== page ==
Relson has come to a solution.
By blending the past and future, he looks to preserve Jiu-Jitsu as he knows it. The Gracie Jiu-Jitsu he learned through the ways of Grandmaster Helio Gracie.At the same time, he looks to give the Jiu-Jitsu community a safe, just, and enjoyable environment that will allow some of the world’s greatest Jiu-Jitsu athletes to showcase their talents. Relson is creating a new tournament circuit called the Gracie Pro-Am. The Gracie Pro-Am Circuit will have new rules, highly qualified referee’s and a hefty $2,000 cash prize for the winner of 4 different No-Gi Pro Divisions. Along with cash prizes for Gi Open Divisions from Blue to Black belt.
The rules are focused on the original rules Grandmaster Helio Gracie put together for the first tournament in 1962.
Relson’s new tournament system will be a tour zigzagging the country with an event every other month. The first tournament, the California Championship, will be held in Sacramento, CA., September 4th and 5th followed by cities like: Columbus, OH., Orlando, FL., Honolulu, HI., Los Angeles, CA., so on and so on.
The tour will use a point system to determine the tour winner. Winning a match by submission earns the athlete 5 points and winning by points earns the athlete 2 points. At the end of the tour, the athletes with the most points for each division will be declared the tour champion and will be awarded a bonus.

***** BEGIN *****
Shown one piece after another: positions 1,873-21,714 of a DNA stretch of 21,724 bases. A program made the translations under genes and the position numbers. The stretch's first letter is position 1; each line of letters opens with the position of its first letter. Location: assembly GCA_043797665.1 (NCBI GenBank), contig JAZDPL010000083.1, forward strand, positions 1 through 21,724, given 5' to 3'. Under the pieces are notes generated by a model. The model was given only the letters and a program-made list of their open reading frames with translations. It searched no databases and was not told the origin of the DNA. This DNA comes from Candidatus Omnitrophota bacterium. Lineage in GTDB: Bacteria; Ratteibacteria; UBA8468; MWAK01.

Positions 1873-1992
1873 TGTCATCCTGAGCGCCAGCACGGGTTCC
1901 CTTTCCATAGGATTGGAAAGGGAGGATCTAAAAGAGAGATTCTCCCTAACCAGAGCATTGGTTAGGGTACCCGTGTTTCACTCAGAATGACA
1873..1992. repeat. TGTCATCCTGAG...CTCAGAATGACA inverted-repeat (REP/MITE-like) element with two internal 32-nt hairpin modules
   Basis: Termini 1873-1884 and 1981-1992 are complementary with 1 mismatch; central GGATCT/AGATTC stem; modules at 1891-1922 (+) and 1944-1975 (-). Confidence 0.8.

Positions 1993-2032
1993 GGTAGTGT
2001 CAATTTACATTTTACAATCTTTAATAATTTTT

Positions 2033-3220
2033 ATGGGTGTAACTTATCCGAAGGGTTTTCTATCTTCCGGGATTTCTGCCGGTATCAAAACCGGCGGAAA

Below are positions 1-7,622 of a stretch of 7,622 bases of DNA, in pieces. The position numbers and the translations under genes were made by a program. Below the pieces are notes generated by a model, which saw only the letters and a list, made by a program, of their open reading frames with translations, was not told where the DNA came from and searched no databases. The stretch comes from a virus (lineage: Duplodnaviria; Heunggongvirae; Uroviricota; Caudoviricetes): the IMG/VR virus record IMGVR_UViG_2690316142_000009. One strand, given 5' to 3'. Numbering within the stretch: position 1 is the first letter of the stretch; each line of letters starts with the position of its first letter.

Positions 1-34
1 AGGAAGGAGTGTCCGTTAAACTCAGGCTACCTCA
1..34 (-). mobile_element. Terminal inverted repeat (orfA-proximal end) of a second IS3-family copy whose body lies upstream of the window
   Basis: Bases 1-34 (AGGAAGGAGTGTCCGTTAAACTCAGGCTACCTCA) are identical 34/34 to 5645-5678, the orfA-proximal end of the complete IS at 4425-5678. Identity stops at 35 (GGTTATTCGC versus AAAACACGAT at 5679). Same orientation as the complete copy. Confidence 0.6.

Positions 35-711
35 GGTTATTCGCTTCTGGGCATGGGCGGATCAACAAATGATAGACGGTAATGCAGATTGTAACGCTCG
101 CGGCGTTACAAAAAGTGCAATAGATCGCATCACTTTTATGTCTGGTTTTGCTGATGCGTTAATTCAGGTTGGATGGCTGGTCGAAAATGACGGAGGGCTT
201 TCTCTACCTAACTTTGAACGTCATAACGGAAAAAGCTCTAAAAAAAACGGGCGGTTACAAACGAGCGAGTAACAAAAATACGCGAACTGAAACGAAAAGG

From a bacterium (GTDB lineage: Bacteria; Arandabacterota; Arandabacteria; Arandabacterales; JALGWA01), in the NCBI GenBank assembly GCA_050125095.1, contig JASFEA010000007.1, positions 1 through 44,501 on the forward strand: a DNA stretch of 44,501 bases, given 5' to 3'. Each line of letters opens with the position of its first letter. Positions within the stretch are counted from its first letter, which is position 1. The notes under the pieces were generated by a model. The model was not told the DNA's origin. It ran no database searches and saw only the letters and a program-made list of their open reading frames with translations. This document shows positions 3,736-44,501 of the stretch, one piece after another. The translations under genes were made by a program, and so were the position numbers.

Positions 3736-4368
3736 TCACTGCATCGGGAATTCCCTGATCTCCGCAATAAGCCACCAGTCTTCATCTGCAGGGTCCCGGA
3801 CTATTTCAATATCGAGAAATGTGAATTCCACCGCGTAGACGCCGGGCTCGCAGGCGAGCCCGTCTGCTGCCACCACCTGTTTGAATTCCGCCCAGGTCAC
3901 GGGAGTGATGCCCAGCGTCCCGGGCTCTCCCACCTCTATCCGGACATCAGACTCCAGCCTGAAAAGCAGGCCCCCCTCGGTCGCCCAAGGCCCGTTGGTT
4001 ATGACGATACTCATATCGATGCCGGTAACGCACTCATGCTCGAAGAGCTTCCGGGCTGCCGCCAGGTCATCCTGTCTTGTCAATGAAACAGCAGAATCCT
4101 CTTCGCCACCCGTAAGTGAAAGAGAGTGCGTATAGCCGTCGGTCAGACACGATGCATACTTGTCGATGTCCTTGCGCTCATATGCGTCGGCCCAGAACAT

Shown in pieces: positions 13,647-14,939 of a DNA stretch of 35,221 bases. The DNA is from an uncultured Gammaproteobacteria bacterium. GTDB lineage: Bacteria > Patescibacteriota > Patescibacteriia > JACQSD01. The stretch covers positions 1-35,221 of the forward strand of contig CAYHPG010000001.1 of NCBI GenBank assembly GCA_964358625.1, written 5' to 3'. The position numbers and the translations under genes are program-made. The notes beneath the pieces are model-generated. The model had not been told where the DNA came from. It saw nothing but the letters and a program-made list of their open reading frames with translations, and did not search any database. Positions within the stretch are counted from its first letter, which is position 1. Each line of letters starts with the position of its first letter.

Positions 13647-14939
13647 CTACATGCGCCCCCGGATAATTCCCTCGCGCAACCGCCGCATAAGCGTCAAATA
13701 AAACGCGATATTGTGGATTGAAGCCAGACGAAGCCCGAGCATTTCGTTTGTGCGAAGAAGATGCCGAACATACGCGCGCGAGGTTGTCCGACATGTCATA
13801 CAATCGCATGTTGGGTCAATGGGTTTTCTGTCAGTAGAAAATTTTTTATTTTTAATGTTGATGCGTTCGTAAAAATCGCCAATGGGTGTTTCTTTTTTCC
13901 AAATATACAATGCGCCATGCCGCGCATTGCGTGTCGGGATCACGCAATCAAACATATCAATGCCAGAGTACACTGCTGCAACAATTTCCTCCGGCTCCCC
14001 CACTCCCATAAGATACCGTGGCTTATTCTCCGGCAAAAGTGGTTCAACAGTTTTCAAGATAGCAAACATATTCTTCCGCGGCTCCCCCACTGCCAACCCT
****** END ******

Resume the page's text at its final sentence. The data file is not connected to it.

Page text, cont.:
An exciting development is that other Gracie academies may participate in the tournaments. Their students have not participated at a high rate in the IBJJF tournaments. The fallout is that some teams may be a no-show. Relson’s response, “Many guys won’t show up because their style of Jiu-Jitsu is not focused on submissions. They have learned to win a match based on the current IBJJF rules, not on advancing position and submitting.”
“The Gracie Pro-Am Circuit is looking to preserve Helio’s heritage and approach to Gracie Jiu-Jitsu through competition. We hope that by changing some key rules, this tournament will promote a more transitional, safe, submission-based game”
– Relson Gracie
It will be interesting to see if the changes in the rules result in more exciting matches where the submission is the focus. The goal is to open the matches up in a way that does not require hours of endless training for specialized positions, but instead, highlights transitions and submissions.
The athletes will be paid for winning. As the tournaments grow, the cash prizes will grow and the best competitors in the world will be attracted to compete. The tournament is for the athletes. The fans come for the athletes. The sponsors come for the athletes. They deserve to be rewarded. The athletes think so and so does Relson´s organization.
It’s late and our conversation ends.
Questions are swirling in my head; lots of them. Will the IBJJF consider changing their rules or paying their athletes? Will Carlinhos respond? How will Rorion’s students do in competition? What does Rickson have to say about all of this?
How will the Jiu-Jitsu community take to the new tournament system?